Update: The SpaceX launch, which was initially planned for Tuesday was postponed, initially pushed back to Friday morning (Jan. 9), and then today delayed a further 24 hours to Saturday morning.
The next SpaceX launch will have more people focused on the landing than the take off as the company attempts its first ever vertical rocket landing.
Space X will launch a two-stage Falcon 9 rocket, topped by a Dragon capsule carrying 2,350kg of supplies destined for the International Space Station.
If the Falcon 9 launches on Tuesday, the Dragon should link up with the space station on Thursday.
But SpaceX and its billionaire founder, Elon Musk, are hoping to make history by vertically landing the first stage of the rocket safely back on earth.
After the Falcon 9’s first stage finishes its main job, around three minutes after launch, the second stage rocket is set to separate and fire up its own rocket engine to power the remainder of the trip.
At that point, the first stage rocket is slated to relight its rocket engines and go through a complex series of manoeuvres to land itself safely down on a 90 metre long and 50 metre wide ship in the Atlantic Ocean.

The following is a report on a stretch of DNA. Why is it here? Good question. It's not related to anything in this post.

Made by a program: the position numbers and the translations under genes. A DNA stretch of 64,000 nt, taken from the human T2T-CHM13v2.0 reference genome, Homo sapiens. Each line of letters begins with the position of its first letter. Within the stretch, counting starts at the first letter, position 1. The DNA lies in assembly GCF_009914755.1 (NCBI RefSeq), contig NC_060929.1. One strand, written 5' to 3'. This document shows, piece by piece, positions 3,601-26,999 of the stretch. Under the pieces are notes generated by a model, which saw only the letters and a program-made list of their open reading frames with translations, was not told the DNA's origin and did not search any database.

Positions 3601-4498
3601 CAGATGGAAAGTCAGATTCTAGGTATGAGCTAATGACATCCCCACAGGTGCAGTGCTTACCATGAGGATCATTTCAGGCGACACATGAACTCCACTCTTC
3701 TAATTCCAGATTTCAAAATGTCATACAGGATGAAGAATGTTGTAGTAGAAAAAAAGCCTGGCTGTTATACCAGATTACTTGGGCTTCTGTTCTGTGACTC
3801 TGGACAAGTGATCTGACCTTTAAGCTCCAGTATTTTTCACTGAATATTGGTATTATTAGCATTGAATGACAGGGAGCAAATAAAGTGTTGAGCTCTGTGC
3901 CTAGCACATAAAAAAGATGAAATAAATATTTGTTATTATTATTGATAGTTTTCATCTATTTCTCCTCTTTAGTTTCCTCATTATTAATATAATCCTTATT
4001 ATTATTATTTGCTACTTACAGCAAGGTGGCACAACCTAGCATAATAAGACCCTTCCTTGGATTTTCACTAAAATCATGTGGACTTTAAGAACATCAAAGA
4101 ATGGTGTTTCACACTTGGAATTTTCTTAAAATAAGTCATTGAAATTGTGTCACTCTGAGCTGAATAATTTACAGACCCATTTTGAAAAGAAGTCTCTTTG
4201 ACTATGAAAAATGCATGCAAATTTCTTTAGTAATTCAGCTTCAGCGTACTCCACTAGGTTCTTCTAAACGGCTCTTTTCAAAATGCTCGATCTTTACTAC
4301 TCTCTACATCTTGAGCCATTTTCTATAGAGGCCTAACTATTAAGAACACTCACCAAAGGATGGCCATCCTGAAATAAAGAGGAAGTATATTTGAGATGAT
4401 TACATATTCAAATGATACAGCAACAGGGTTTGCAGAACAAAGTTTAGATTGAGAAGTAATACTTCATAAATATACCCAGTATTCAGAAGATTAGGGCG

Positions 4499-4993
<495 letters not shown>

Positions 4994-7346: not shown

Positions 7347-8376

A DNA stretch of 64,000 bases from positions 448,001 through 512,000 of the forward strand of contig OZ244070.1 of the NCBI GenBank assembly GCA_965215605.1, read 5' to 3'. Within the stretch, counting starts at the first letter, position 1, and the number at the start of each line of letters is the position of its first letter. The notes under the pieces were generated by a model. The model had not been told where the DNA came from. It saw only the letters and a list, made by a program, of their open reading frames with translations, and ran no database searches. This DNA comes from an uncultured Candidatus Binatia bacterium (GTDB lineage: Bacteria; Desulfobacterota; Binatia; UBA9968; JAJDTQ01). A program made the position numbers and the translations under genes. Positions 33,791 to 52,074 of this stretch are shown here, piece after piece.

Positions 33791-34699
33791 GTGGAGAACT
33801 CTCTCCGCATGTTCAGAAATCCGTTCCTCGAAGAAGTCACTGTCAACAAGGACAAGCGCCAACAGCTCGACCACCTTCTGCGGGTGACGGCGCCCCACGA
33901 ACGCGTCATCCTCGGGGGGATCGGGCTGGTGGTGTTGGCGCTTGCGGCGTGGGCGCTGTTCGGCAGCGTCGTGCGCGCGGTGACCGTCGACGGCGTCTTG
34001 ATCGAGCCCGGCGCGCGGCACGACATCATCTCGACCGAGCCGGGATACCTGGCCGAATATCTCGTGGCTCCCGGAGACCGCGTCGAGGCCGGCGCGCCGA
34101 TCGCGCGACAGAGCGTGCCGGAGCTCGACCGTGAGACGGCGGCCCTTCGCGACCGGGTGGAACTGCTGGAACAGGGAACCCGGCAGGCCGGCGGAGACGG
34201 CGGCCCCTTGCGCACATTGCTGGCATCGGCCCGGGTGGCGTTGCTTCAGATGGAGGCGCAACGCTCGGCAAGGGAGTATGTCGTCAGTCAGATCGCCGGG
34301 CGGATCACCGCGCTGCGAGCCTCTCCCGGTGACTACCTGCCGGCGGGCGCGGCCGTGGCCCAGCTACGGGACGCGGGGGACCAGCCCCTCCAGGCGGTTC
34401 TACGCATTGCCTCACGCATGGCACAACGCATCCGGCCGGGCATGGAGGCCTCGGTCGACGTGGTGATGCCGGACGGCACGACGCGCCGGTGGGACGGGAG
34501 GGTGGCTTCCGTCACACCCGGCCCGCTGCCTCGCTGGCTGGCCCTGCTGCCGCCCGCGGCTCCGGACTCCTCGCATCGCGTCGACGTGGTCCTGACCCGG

“Nobody has ever tried that, to our knowledge,” Hans Koenigsmann, SpaceX’s vice president of mission assurance, told reporters during a Monday briefing at NASA’s Kennedy Space Center.
SpaceX has tested aspects of the manoeuvre before, resulting in a soft splashdown into water, but this will be the first time the company has tried setting the rocket stage down on a platform for retrieval and return to port.
“The odds of success are not great — perhaps 50 percent at best,” SpaceX said in a statement explaining the effort. “However, this test represents the first in a series of similar tests that will ultimately deliver a fully reusable Falcon 9 first stage.”